The UK is on course to breach its fourth and fifth carbon budgets by 139 and 245 million tonnes of carbon dioxide equivalent (MtCO2e) respectively, according to the latest forecast from the Department for Business, Energy and Industrial Strategy (BEIS).
The projected shortfalls have grown by 48% and 25% since the last annual forecast and now equate to 7% 14% of the respective budgets.
BEIS says there are a number of government policies and proposals which have not been sufficiently developed to be incorporated into the forecast. It says the shortfalls would be 109 and 165 MtCO2e if these were taken into account.
The UK has already met the first and second carbon budgets with respective surpluses of 36 and 384 MtCO2e. BEIS has predicted an 88 MtCO2e surplus for the third carbon budget covering the years 2018 to 2022.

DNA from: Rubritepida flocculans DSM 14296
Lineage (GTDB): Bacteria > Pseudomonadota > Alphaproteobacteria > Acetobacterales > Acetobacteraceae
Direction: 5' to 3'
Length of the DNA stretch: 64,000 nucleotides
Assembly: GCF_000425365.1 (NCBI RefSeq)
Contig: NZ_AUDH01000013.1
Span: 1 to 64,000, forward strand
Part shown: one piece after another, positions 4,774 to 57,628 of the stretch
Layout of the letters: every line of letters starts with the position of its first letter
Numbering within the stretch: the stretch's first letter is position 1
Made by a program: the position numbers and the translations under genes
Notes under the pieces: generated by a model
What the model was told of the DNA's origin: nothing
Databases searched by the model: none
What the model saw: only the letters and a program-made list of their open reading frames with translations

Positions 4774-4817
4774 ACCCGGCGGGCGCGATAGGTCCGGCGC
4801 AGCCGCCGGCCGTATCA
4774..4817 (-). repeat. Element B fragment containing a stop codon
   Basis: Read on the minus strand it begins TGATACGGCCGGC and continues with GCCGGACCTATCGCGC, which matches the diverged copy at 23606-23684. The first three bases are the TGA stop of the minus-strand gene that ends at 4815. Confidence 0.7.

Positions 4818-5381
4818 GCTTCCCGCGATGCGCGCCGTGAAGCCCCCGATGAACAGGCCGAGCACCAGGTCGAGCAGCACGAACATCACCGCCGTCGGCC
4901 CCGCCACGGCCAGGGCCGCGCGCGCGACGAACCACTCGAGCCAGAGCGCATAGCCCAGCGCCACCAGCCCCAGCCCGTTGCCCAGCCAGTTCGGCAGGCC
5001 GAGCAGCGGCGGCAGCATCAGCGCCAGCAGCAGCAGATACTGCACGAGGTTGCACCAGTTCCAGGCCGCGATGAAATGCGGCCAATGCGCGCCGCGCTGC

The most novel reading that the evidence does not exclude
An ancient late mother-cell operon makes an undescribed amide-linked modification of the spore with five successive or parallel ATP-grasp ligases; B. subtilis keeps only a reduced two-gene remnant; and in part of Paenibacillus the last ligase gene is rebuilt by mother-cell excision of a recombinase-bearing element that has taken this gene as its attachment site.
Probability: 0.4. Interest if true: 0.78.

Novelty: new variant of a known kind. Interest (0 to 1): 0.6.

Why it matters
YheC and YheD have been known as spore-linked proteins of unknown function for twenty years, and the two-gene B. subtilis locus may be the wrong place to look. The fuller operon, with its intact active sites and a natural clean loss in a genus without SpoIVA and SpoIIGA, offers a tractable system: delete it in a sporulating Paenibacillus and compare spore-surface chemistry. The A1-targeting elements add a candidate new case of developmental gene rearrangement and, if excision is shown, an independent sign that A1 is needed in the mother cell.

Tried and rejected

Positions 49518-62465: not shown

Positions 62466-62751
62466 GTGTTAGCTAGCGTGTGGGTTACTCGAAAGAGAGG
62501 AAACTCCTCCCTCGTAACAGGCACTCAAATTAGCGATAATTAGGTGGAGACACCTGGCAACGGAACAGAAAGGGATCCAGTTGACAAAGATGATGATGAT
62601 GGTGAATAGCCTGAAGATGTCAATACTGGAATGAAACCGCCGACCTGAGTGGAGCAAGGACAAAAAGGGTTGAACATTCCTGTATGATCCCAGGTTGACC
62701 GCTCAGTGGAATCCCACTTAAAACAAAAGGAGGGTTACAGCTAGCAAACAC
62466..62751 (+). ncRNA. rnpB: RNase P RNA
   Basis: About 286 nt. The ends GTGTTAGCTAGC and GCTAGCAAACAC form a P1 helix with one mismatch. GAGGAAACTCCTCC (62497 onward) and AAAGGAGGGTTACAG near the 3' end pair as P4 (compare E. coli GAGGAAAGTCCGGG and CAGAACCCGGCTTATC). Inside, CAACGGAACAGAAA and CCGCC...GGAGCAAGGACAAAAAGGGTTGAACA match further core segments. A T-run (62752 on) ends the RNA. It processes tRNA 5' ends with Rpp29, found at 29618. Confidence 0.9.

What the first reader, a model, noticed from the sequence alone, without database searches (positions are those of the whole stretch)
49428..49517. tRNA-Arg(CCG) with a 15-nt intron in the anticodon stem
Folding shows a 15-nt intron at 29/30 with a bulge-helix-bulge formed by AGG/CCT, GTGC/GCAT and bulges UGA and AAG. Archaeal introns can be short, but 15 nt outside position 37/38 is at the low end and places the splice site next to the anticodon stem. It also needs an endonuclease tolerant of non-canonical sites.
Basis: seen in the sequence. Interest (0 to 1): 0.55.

The Committee on Climate Change wrote to energy and clean growth minister Claire Perry in February to advise her against rolling over the surplus from the second carbon budget to subsequent accounting periods. The climate watchdog said this would make it “more difficult and expensive for the UK to meet its long-term targets.
BEIS has also predicted that the power grid will be completely coal-free by the “early 2020s”. The government has vowed to phase out all unabated coal generation by 2025.
This article appeared first on edie’s sister title, Utility Week
Images: Updated Energy and Emissions Projections 2018, BEIS